[2]Quicunque vero liber laicus habuerit in catallo vel in redditu ad valentiam de xvi. marcis, habeat loricam et cassidem et clypeum et lanceam: quicunque vero liber laicus habuerit in catallo vel redditu x. marcas, habeat aubergel, et capellet ferri et lanceam.

[3]III. Item omnes burgenses et tota communa liberorum hominum habeant wambais, et capellet ferri et lanceam.

[4]IV. Unusquisque autem illorum juret, quod infra festum Sancti Hilarii, hæc arma habebit, et domino regi Henrico, scilicet filio Matildis imperatricis, fidem portabit, et hæc arma in suo servitio tenebit secundum præceptum suum, et ad fidem domini regis et regni sui. Et nullus, ex quo arma hæc habuerit, ea vendat, nec invadiet, nec præstet, nec aliquo alio modo a se alienet; nec dominus suus ea aliquo modo ab homine suo alienet, nec per forisfactum nec per donum, nec per vadium, nec aliquo alio modo.

[5]V. Si quis hæc arma habens obierit, arma sua remaneant hæredi suo. Si vero hæres de tali ætate non sit, quod armis uti possit, si opus fuerit, ille qui eum habebit in custodia habeat similiter custodiam armorum, et hominem inveniat qui armis uti possit in servitio domini regis, donec hæres de tali ætate sit quod arma portare possit, et tunc habeat.

[6]VI. Quicunque burgensis plura arma habuerit, quam habere oportuerit secundum hanc assisam, ea vendat, vel det, vel sic a se alienet tali homini qui ea in servitio domini regis Angliæ retineat. Et nullus eorum plura arma retineat quam eum secundum hanc assisam habere oportuerit.

[7]VII. Item nullus Judæus loricam vel aubergellum penes se retineat, sed ea vendat, vel det, vel alio modo a se removeat, [ita quod remaneant] in servitio regis.

[8]VIII. Item nullus portet arma extra Angliam nisi per præceptum domini regis; nec aliquis vendat arma alicui, qui ea portet ab Anglia.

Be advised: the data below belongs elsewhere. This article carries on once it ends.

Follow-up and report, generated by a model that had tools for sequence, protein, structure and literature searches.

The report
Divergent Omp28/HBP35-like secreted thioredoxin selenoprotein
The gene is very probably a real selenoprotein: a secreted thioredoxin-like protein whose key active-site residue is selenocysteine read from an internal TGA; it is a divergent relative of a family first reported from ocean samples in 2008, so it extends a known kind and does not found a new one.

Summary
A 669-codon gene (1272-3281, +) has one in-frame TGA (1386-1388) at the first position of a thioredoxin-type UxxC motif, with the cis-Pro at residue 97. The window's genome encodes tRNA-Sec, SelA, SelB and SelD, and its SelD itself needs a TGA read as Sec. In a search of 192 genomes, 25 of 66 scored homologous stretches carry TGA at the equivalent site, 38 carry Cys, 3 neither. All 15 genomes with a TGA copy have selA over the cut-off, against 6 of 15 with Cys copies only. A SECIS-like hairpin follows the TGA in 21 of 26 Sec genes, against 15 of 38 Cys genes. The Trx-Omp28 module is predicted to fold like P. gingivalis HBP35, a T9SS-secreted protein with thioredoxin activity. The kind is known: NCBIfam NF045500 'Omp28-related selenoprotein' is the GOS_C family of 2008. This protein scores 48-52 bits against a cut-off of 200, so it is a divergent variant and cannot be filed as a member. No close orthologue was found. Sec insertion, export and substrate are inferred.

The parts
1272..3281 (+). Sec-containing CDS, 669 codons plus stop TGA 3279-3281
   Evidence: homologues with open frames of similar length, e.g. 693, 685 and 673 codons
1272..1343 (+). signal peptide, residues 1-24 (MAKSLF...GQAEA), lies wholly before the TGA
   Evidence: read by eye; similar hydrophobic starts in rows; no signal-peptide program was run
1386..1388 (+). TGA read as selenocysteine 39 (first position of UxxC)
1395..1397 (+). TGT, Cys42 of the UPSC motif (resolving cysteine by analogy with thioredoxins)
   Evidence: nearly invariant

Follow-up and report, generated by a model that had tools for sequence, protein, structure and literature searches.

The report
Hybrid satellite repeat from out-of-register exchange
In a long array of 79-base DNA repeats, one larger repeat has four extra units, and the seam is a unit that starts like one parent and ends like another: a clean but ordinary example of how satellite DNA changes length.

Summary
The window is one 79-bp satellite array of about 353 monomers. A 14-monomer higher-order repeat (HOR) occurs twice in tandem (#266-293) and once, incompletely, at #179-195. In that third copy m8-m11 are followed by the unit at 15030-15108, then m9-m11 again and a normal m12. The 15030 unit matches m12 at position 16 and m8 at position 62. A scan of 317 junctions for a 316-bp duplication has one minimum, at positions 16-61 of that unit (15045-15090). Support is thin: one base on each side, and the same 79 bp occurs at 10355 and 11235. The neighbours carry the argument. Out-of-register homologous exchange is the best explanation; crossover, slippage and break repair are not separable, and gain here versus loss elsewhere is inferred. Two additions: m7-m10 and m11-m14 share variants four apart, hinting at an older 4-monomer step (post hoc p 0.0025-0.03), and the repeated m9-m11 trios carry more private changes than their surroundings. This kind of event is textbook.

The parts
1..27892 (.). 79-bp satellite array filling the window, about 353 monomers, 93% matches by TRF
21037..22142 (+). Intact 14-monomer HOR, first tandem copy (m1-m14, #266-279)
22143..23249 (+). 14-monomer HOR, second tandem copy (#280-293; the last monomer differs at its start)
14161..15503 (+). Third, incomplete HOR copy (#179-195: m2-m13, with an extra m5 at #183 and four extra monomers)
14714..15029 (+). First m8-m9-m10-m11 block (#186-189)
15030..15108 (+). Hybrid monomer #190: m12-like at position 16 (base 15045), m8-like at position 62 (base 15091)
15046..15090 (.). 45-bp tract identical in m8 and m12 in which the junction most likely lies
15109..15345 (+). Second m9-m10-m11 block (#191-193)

[9]IX. Item justitiæ faciant jurare per legales milites vel alios liberos et legales homines de hundredis, et de burgis, quot viderint expedire; qui habebunt valentiam catalli, secundum quod eum habere oportuerit, loricam et galeam et lanceam et clypeum secundum quod dictum est; scilicet quod separatim nominabunt eis omnes de hundredis suis, et de visnetis, et de burgis, qui habebunt xvi. marcas voel in catallo vel in redditu, similiter et qui habebit decem marcas. Et justitiæ postea omnes illos juratores et alios faciant inbreviari, qui quantum catalli vel redditus habuerint; et qui secundum valentiam catalli vel redditus, quæ arma habere debuerint; et postea coram eis in communi audientia illorum faciant legere hanc assisam de armis habendis; et eos jurare quod ea arma habebunt secundum valentiam prædictam catallorum vel redditus, et ea tenebunt in servitio domini regis secundum hanc prædictam assisam, in præcepto et fide domini regis Henrici et regni sui. Si vero contigerit quod aliquis illorum qui habere debuerint hæc arma, non sint in comitatu ad terminum quando justitiæ in comitatu illo erunt, justitiæ ponant ei terminum in alio comitatu eorum eis. Et si in nullo comitatu per quos ituræ sunt, ad eos venerit, et non fuerit in terra ista, ponatur ei terminus apud Westmuster ad octavas Sancti Michaelis; quod sit ibi ad faciendum sacramentum suum, sicut se, et omnia sua diligit. Et ei præcipiatur quod infra festum prædictum Sancti Hilarii habeat arma secundum quod ad eum pertinet habendum.

[10]X. Item justitiæ faciant dici per omnes comitatus per quos ituræ sunt, quod qui hæc arma non habuerint, secundum quod prædictum est, dominus rex capiet se ad eorum membra, et nullo modo capiet ab eis terram vel catallum.

[11]XI. Item nullus juret super legales et liberos homines, qui non habeat xvi. marcas vel x. marcas in catallo.

[12]XII. Item justitiæ præcipiant per omnes comitatus, quod nullus, sicut se ipsum et omnia sua diligit, emat vel vendat aliquam navem ad ducendum ab Anglia, nec aliquis deferat vel deferri faciat maironiam extra Angliam.


1. Whosoever has a knight's fee shall have a hauberk, a helmet, a shield and a lance: and every knight to have as many hauberks and helmets, shields and lances, as he has knight's fees in his domain.

2.Whosoever is a free layman having property or rent to the value of 16 Marks, have helmet, shield and lance: Whosoever is a free layman having property or rent of 10 Marks, haubergeon, iron headpiece, and spear.

3. Item, all burgesses and the whole community of free men have gambeson, iron headpiece, and spear.